I felt like God had laid it on my heart to give him a welcoming like the prodigal son after I hadn’t seen him for a while. When I saw him I gave him a hug and made small talk but it was SO hard to show love like the Father showed the prodigal son as I felt he still was not convicted of his sin. I felt if it wasn’t for me telling him to he would not be taking steps to be free of porn. It hit me that God loves us SO much.  When we are lost and in sin He still loves us! God is calling me to be loving like He is loving.  And this is hard! There are times when I want to throw myself a pity party because I have to be the strong one while my husband is dealing with getting over a porn addiction and depression. I need to keep showing love. But when I keep focusing on myself, I’m not looking to Christ and asking how I can be like Him in the situation. 

A year or more before this all happened I had done the study by Priscilla Shirer on prayer, “Fervent”. It changed my prayer life. In the book she discusses 10 strategies to pray over yourself and family. Strategy number 9 is: “Your hurts:  Turning bitterness to forgiveness”. After reading the book I made pages of the 10 prayer strategies and wrote down scripture to pray with each strategy. I also made cards for each member of my family. Each morning I would try to pray one strategy and for one member of my family.

A verse that really spoke to me from strategy 9 was 2 Corinthians 2:  5-11 
“If anyone has caused grief, he has not so much grieved me as he has grieved all of you to some extent—not to put it too severely. The punishment inflicted on him by the majority is sufficient. Now instead, you ought to forgive and comfort him, so that he will not be overwhelmed by excessive sorrow. I urge you, therefore, to reaffirm your love for him.”


This was very tough for me but I knew I needed to forgive and comfort him.  And reaffirm my love for him. Again I wasn’t perfect at doing this but trying to really helped me forgive.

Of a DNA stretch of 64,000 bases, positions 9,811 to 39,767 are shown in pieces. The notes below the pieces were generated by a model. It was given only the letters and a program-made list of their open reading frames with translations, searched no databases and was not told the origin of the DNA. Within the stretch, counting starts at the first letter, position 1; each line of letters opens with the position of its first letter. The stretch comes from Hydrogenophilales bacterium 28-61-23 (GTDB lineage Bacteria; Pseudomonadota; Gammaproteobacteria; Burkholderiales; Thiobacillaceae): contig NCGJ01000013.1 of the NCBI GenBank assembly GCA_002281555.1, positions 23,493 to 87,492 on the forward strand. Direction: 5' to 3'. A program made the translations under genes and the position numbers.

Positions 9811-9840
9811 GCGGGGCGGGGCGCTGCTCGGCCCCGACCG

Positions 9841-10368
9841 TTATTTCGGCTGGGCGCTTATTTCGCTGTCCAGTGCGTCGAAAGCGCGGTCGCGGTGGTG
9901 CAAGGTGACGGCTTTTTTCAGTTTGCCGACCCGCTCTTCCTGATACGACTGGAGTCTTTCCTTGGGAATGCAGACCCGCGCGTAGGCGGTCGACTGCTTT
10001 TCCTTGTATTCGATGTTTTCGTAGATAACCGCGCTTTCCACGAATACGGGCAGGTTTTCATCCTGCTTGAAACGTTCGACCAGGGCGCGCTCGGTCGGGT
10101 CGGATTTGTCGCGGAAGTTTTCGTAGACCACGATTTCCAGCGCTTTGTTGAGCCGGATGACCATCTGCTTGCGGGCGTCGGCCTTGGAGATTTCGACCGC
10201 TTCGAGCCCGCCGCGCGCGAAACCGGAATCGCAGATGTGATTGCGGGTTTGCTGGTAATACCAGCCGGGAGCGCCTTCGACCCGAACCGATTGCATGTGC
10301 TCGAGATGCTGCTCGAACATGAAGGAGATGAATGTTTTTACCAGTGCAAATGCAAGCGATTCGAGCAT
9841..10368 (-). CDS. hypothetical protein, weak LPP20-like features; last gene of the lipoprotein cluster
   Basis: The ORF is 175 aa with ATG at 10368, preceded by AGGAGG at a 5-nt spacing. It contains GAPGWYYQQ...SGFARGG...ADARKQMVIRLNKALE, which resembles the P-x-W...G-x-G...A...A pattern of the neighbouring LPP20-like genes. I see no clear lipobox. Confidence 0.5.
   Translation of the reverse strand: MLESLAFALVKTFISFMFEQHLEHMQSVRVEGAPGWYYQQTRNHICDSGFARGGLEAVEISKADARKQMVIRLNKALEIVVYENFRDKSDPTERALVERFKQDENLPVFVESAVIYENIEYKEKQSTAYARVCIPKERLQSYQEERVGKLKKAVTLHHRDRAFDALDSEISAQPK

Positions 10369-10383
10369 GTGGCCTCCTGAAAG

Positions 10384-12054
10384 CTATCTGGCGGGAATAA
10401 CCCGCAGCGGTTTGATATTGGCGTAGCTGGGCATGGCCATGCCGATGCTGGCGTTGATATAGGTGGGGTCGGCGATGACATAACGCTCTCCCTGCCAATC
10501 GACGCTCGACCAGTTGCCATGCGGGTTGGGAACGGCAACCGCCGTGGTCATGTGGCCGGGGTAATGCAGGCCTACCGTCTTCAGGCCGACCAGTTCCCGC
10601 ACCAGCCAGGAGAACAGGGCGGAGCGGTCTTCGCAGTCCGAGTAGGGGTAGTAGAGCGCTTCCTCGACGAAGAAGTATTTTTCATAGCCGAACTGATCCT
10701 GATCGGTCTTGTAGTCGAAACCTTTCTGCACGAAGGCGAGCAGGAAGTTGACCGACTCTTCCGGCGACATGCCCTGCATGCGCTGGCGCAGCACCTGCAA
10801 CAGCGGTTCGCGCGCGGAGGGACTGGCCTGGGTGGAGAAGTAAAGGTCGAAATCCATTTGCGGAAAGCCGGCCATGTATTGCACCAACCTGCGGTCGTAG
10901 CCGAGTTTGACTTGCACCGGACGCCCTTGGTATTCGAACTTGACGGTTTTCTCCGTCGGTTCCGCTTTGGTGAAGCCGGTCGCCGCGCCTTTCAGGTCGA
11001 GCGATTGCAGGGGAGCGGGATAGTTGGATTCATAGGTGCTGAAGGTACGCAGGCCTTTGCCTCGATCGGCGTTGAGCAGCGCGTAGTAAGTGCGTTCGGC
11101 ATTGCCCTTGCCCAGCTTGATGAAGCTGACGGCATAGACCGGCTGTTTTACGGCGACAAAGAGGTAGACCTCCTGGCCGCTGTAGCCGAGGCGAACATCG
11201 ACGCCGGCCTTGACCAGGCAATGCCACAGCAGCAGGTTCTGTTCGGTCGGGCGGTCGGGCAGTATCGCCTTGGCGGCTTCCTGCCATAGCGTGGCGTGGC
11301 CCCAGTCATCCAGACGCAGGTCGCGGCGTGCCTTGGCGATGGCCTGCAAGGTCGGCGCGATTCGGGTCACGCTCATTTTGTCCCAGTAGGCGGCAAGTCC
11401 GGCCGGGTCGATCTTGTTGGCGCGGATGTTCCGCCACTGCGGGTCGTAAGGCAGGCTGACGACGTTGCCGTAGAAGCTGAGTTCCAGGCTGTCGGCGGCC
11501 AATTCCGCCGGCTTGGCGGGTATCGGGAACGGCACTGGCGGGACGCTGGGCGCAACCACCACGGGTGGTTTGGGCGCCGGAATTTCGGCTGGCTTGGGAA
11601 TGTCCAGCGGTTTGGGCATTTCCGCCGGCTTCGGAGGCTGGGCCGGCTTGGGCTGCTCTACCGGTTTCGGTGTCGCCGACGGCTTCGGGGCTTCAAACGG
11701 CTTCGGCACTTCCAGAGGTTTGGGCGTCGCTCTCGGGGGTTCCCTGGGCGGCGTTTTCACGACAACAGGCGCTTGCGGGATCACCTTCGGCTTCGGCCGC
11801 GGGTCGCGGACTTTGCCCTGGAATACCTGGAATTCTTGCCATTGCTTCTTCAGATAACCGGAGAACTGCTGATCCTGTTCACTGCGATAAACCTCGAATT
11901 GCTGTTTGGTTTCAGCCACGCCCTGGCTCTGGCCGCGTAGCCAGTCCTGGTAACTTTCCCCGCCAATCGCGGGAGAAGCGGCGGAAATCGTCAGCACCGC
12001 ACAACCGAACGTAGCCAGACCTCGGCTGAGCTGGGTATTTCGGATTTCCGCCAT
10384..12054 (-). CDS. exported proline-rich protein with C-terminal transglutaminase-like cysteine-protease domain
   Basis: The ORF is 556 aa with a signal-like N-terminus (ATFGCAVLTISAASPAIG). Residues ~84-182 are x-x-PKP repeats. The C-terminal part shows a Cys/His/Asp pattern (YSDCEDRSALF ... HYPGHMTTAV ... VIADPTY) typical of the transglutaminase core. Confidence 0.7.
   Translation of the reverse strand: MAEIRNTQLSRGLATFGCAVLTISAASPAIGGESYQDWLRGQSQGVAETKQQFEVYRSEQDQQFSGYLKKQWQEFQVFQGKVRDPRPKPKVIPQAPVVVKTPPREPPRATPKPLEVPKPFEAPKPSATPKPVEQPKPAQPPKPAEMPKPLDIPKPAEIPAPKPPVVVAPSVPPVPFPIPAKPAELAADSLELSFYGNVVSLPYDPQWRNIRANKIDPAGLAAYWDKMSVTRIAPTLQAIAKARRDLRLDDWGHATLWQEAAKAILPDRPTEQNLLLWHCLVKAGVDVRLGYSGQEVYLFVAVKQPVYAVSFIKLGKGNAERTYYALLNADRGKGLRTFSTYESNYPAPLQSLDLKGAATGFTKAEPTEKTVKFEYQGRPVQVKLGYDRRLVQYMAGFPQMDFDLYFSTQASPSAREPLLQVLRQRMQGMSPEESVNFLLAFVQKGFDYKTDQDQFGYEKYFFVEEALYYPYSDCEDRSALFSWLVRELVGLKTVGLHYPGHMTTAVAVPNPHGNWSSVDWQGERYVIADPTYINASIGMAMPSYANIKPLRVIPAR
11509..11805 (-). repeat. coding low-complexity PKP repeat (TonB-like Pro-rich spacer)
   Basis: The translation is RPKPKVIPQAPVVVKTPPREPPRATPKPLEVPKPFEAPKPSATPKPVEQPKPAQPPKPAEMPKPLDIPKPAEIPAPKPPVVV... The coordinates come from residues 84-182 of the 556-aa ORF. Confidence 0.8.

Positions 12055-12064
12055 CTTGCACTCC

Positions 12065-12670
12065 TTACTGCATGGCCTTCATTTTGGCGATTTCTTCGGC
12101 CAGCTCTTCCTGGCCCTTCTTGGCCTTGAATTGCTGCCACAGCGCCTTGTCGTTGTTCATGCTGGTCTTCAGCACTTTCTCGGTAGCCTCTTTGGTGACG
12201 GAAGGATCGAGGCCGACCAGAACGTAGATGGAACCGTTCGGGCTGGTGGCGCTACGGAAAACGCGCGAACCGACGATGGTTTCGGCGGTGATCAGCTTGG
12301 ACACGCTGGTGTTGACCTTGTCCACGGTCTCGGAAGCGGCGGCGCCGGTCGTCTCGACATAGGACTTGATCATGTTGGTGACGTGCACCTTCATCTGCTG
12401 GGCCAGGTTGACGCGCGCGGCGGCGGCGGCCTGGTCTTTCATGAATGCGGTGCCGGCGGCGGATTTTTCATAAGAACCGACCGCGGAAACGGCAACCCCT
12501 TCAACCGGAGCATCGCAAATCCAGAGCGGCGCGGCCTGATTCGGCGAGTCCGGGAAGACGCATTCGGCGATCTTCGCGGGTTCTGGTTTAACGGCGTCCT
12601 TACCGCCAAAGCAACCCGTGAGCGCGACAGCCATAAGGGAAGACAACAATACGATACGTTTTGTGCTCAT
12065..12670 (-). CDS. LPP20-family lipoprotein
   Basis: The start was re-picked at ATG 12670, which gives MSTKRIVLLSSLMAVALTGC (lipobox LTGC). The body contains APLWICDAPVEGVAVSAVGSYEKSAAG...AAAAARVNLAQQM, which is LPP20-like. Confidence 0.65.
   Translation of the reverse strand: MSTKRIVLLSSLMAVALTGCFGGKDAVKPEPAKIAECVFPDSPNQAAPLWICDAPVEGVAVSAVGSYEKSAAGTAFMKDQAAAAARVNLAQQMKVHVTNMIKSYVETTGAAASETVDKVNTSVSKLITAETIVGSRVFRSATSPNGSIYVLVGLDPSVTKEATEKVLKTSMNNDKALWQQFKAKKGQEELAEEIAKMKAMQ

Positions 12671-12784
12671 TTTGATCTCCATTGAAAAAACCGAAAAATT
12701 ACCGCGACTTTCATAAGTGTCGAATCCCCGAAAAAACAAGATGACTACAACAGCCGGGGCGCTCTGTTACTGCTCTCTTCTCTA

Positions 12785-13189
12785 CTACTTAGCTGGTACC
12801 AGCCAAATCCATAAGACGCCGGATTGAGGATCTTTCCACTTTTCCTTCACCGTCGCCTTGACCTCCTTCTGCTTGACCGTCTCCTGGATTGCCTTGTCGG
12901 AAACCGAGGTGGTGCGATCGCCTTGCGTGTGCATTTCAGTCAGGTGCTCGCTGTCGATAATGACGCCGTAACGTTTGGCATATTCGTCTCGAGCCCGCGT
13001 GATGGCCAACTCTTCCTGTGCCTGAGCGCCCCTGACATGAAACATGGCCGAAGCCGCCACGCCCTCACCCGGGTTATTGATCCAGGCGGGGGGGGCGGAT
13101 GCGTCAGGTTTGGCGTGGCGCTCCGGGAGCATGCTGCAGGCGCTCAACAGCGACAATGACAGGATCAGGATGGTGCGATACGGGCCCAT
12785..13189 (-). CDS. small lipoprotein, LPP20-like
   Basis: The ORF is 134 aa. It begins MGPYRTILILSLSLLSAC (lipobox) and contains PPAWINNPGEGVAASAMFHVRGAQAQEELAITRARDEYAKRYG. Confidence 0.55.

Another thing that really helped me during this time is I studied Luke 24:13- with someone. She had asked how I thought the disciples had felt on the road Emmaus. A back story to this story is that Christ had just died. He was put into the tomb.  Then the women had just discovered that the tomb was empty.  When Jesus appeared to them on the road they didn’t know it was Him.  Their faces were downcast.  She asked what I thought the disciples might had been feeling?

Some answers I gave were confused,  lost hope,  defeated, wasted 3 years,  doubt,  unsure what to do next,  sad,  betrayed, shame,  abandoned,  lost, and lied to.  She then asked how I was feeling, many of my feelings were the same. At the end of the walk, Jesus acted like he was going to continue but the disciples urged him to stay.  When I’m confronted with all these feelings am I going to allow Christ to keep moving or am I going to ask him to stay with me and cling to Him? Christ then revealed himself in a familiar way to the disciples over dinner. During this time and many in my life I’m realizing all the familiar ways God is speaking to me and how God can grow me when I’m facing trials.


I never hoped my marriage would struggle with a Porn addiction or that I’d contemplate divorce.  I long for a marriage that others see and want. God brings growth through Hard times if we allow Him. Because my husband and I are both willing to aim for growth in Christ our marriage is growing!  It is not easy and it takes a lot of work but our marriage is SO much better.  A book that I read before all of this taking place in my marriage was “When God doesn’t fix it” by Laura Story. She also wrote the song Blessings.  This book and the song helped me a lot to focus on growing in my trials and not focus as much on my trials.